/ Motoring, Parenting

16-year-olds could drive the Renault Twizy

Twizy car by Renault

Meet Twizy – Renault’s radical new miniature electric car. It’s fantastic fun, and I can see it having huge appeal for young drivers. But how would you feel about seeing a 16-year-old at the wheel of a Twizy?

A new law comes into effect in January 2013 allowing 16-year-olds to drive ‘micro-cars’ – such as the electric Twizy – unaccompanied.

A new car class is being created by the DVLA for ultra-lightweight cars with a top speed limited to 28mph.

The Renault Twizy could be the first car on sale in the UK to qualify so we could see 16-year-olds driving cars like the Twizy. Solo. On public roads.

Teenagers in a Twizy

The Twizy ‘80’ has a top speed of 50mph and is treated just like a normal car in the eyes of the law. But Renault is also building a low-power ‘45’ version of the Twizy with its top speed limited to 28mph to comply with the rules, and the French firm is currently assessing whether to launch this model in the UK.

Drivers would have to pass Compulsory Basic Training (CBT), driving theory and practical test, but these are much less stringent and in-depth than the tests for a regular car.

This class of car already exists in many other European Union countries. In France teenagers as young as 14 have been able to drive micro-cars for years.

Car, quadricycle or go-kart?

I think the Twizy would be a brilliant car for a young driver. It’s ultra-simple to pilot with its electric motor and press-and-go automatic gearbox. Its RenaultSport chassis makes it feel like a go-kart around corners, while its electric motor was developed with help from Renault’s Formula 1 wing and offers sprightly performance.

It’s clearly much safer than a scooter, too, with a full roll-over cage and an airbag as standard.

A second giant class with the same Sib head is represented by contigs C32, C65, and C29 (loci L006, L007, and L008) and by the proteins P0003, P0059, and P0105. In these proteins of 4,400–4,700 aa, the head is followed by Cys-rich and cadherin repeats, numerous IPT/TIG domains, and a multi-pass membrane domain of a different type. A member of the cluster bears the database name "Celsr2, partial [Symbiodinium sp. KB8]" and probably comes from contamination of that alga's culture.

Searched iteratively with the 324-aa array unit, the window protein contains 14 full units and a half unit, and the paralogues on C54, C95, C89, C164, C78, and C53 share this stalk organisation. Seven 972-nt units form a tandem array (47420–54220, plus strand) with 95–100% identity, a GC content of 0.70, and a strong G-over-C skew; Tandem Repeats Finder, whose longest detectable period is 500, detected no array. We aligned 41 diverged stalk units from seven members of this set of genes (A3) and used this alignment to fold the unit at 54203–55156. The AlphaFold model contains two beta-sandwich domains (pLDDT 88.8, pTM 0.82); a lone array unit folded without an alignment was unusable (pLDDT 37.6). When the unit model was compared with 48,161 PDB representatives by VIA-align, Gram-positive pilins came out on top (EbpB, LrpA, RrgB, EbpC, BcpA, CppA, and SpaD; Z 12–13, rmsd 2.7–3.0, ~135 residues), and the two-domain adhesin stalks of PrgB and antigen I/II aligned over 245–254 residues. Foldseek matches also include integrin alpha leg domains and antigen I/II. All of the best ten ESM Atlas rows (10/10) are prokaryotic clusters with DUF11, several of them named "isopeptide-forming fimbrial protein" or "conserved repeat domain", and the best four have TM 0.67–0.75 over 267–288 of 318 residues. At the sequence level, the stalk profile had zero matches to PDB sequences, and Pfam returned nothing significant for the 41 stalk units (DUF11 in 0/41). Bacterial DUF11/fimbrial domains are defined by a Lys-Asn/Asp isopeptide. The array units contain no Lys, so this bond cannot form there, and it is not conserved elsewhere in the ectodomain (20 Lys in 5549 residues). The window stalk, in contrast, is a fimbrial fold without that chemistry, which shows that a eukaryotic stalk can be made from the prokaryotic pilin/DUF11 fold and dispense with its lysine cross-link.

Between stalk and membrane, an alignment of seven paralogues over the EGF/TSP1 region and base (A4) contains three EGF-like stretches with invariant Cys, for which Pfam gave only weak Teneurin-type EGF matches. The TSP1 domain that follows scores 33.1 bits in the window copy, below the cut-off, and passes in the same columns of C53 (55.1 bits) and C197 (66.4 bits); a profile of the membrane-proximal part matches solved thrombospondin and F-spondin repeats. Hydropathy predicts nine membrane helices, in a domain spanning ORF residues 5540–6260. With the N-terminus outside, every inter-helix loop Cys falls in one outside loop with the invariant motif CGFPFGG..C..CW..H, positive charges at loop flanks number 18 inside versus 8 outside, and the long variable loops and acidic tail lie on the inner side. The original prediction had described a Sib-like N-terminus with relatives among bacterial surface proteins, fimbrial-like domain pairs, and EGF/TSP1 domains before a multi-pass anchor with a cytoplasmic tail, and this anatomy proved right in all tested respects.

It’s not what you’d call practical, though: doors are an optional extra and even then they don’t have windows. The ‘boot’ can barely fit a laptop. And if you want to carry a passenger in the tandem rear seat, they’d have to be part of the gymnastic squad to get in.

The Twizy (a mix of ‘twin’ and ‘easy’, by the way) has funky alien styling that will also get the younger generation excited. As will the price-tag: at £6,690, it’s the cheapest car on sale in the UK. And the lower-power ’45’ Twizy could be as much as £500 cheaper.

Safe and sane?

So what do you think of the idea that, from next year, teenagers could be driving themselves to school or college in a Twizy?

Is it a great way to get younger drivers learning road-craft? Or is it a disaster waiting to happen, as inexperienced road users share the road with HGVs, motorbikes and much more powerful cars?

Should 16-year-olds be able to drive 'micro-cars' like the Renault Twizy on public roads?

No (67%, 373 Votes)

Yes (20%, 112 Votes)

I won't know until I've seen them in action (13%, 73 Votes)

Total Voters: 558

Loading ... Loading ...

No worse than a 16 year old motor-cyclist – I rode motor bike at 16 and was as careful and as responsible as 25 year olds.

Wirecutter says:
4 April 2012

Having tried an original Sinclair death trap when even a BMC Mini topping it out, and then attempting to turn left across three lanes of traffic I told the owner who had allowed me to try it out that I will visit him in hospital! That went down a bomb as well you can imagine.
Just picturing how a 16 year old will cope worries me as even now most peddle cycle riders believe that they are surrounded by a wall of unbreakable glass and are totally indestructible so what will there feelings be with body work around them